Farmer’s appropriation of system of rice intensification practices in water-scarce irrigation schemes in Northern Tanzania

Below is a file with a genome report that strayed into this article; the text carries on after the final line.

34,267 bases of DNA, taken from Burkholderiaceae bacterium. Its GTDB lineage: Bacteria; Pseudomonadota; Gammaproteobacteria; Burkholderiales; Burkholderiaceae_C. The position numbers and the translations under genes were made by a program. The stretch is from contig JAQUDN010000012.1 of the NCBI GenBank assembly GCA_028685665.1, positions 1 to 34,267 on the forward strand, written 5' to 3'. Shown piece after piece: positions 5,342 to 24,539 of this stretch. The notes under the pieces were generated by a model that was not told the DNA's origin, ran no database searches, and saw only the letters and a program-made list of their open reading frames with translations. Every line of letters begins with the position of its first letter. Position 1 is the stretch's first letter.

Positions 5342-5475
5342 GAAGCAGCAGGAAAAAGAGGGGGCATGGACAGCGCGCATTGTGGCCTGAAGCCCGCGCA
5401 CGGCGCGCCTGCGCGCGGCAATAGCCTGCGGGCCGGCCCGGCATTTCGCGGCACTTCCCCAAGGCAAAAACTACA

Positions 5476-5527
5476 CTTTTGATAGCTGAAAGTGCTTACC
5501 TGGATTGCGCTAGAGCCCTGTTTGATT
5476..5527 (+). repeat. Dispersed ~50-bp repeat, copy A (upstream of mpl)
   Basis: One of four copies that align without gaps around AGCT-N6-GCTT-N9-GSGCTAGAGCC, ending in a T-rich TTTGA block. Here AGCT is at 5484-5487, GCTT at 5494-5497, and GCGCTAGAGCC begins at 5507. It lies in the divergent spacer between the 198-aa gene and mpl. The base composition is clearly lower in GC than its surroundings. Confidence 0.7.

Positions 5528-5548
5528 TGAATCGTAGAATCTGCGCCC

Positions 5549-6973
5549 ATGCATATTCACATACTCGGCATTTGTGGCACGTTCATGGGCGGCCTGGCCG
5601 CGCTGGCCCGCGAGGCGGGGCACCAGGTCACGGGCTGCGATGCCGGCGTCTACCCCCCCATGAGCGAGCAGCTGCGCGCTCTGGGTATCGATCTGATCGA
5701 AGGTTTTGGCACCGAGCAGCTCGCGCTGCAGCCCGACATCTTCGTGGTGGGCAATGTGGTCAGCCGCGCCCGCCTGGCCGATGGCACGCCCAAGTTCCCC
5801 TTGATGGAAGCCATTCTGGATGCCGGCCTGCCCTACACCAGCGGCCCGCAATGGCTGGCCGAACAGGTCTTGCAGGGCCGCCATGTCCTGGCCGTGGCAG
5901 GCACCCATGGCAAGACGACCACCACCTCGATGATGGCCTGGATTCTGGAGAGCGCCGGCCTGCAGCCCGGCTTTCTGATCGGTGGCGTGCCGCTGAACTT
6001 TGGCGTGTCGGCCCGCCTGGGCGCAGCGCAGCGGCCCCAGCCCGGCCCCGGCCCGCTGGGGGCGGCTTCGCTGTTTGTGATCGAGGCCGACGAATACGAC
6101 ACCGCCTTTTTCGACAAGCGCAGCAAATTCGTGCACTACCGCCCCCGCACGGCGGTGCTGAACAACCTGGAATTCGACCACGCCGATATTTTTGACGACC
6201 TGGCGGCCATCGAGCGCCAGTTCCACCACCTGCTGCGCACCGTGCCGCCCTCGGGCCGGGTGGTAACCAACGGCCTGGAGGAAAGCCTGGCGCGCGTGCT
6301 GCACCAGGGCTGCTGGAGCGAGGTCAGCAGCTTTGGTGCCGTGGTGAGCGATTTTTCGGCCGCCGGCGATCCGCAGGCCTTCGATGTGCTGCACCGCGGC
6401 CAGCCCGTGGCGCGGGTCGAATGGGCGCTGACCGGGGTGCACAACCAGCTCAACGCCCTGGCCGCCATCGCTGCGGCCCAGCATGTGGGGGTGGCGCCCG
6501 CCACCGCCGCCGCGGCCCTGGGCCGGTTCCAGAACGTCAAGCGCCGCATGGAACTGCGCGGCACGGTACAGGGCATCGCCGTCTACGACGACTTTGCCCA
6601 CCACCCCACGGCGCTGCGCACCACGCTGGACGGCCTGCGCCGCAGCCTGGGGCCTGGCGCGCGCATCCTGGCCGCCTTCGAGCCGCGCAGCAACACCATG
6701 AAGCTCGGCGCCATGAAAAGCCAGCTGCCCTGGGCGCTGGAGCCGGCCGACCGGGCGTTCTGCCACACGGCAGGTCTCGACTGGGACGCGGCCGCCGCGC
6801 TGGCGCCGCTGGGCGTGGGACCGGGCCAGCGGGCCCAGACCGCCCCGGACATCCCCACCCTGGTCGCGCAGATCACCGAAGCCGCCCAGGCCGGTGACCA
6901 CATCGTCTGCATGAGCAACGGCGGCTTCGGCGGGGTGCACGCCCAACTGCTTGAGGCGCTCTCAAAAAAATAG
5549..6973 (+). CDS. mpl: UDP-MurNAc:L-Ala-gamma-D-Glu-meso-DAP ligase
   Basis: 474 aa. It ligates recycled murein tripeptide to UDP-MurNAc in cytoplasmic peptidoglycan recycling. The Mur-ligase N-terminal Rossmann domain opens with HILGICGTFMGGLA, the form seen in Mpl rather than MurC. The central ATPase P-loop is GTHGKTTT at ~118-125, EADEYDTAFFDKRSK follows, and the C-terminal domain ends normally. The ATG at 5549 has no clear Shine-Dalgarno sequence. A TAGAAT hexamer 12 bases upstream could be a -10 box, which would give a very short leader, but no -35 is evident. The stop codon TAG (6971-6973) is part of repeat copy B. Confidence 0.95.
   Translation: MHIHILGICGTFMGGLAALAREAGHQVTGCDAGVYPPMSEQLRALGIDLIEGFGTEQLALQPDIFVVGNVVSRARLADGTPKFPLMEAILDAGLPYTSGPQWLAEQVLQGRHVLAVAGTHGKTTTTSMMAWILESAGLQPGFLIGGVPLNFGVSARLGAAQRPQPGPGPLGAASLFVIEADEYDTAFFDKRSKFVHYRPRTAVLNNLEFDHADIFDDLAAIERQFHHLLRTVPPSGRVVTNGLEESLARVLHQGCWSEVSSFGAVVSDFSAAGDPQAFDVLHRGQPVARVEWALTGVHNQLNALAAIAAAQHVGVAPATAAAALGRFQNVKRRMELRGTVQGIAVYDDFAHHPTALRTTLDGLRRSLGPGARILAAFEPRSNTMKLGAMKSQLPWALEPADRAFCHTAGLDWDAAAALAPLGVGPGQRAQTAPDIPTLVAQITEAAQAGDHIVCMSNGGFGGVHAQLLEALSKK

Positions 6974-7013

The system of rice intensification (SRI), advocates new ways of rice cultivation which challenges farmers’ knowledge and skills to the extent that they are required to learn, experiment and integrate new principles to suit their specific needs and agro-ecological conditions. This study was conducted to evaluate farmers’ appropriation to SRI; first, a survey was conducted to explore farmers’ adjustments of SRI. Second, yield and water productivity of the integrated system were assessed by setting up an experiment in the farmers’ plots. Whereby four treatments representing farmers’ adaptations of SRI practises were assessed: continuous flooding (F1) with two 21 days old seedlings at 15 × 15 cm spacing. The other three were under intermittent irrigation with two 21 days seedlings at 20 × 20 cm (F2), one 21 days seedling at 20 × 20 (F3) and one 15 days seedling at 25 × 25 cm spacing. Yields obtained were 4.8, 8.5, 8.2 and 9.2 tons/ha for F1, F2, F3 and F4, respectively. Water productivity (WP) of 0.15, 0.39, 0.35 and 0.51 kg/m3 was obtained for F1, F2, F3 and F4, respectively. Water saving under SRI practise was 34.3%, 28.9% and 45.1% for F2, F3 and F4, respectively. Two seedlings 21 days old at 20 × 20 cm with intermittent irrigation are recommended for this area as it ensures a sufficient number of plants, relatively higher yields and a reduced considerable amount of irrigation water. The findings show that the integration of SRI into the local rice farming system has the potential to improve yields and water productivity of irrigation schemes.